Posts Tagged ‘soldiers’

Ghosts

Posted: June 16, 2018 in What Pegman Saw
Tags: , , , ,

Today Pegman took us to Taşlıçay, Ağrı, Turkey. I scrolled around pictures for a while before finding this wonderful picture of blowing snow.

The old people say there are no ghosts left
that they disappeared after the great famine
took more than half the population of the village.
They are wrong.

On the edge of fields
I see ghosts
dancing in clothes so bright
they put the sun to shame.

Or, I hear them in the barn
telling jokes and laughing
until I think their sides might split.
If only they still had sides.
If only.

Sometimes these fragile ghosts
sit at my kitchen table.
I drink tea while listening to their stories.
Often I reach out to touch them.
Futile, I know.
I need no reminder.

They leave notes
We love you
Kindness is the root of happiness
Go to bed early
Feed the dog

I no longer have a dog.
But my children don’t know that.
Their memories are
from the times before
the soldiers came,
starving and mean.

 

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This week Pegman took us to the Great Wall of China. What a fascinating place! Thanks, K. Rawson, for leading us here.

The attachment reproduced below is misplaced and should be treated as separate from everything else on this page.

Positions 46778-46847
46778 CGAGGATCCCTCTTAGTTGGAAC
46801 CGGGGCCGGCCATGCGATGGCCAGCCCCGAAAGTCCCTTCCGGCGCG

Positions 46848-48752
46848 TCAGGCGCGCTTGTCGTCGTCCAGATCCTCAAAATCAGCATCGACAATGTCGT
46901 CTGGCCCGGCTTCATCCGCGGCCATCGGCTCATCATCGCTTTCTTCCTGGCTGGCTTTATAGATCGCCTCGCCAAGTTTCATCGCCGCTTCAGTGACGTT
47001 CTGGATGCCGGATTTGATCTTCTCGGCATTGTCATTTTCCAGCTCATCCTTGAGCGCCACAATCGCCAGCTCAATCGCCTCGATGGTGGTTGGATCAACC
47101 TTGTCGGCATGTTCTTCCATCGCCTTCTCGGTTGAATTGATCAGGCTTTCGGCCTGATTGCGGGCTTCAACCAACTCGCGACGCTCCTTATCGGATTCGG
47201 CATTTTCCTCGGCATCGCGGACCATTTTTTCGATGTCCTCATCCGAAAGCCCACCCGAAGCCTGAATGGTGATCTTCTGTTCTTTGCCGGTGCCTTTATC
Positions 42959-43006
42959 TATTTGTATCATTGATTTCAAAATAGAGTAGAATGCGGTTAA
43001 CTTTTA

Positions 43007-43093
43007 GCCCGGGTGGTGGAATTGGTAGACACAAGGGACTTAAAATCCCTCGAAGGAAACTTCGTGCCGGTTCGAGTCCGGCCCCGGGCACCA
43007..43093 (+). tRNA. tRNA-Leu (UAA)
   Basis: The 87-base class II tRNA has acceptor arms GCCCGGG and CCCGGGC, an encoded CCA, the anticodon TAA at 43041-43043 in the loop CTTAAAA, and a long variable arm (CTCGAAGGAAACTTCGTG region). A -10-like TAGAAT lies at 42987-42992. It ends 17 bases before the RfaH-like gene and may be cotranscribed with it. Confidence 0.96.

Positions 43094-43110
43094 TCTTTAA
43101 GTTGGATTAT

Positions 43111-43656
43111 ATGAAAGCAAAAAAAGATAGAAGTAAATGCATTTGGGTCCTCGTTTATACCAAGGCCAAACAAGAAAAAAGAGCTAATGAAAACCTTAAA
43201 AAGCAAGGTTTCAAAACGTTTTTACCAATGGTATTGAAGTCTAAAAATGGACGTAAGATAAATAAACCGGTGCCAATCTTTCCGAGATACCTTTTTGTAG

A brave man, strong and wise, I was a soldier.

Thought to be a mere peasant, I am clever. Two years ago I was raising Emperor Qin Shihuang’s ninety-nine Silkie chickens. Not one died.

I was a stealer of bread. Who can blame me? My children were starving. Perhaps they are dead.

Bravest and cleverest of all, I am a rebel. Qin Shihuang shall not rule long, for the people shall unite to take back their lives.

A whip cracks, thoughts fly from the mind of every man digging sand, loading kilns, stoking fires, hauling bricks and stumbling. Each knows there is no hope of freedom here. No rest until death helps one’s soul become one with the wall.
So, they bend their backs and think a new thought, one they are told to remember each and every day.

You belong to the Son of Heaven. You are nothing.

 

Silkie Chickens – aren’t they cute?

Image result for silkie chickens

The stones rang with laughter, the sound of bells and shouts from women so lonely they felt they would never be whole again. Battles had raged for five years, not a man remained in the village. On nights flush with drunken soldiers from foreign countries chickens and pigs were slaughtered, family quilts used for tents. Now, now, their men were only ten miles out, physically and mentally broken and bent. But these women were prepared, for they adored their men and no-longer-boys. Mattresses had been stuffed with chicken feathers, broth stewed from pig bones, love stitched into every new quilt.

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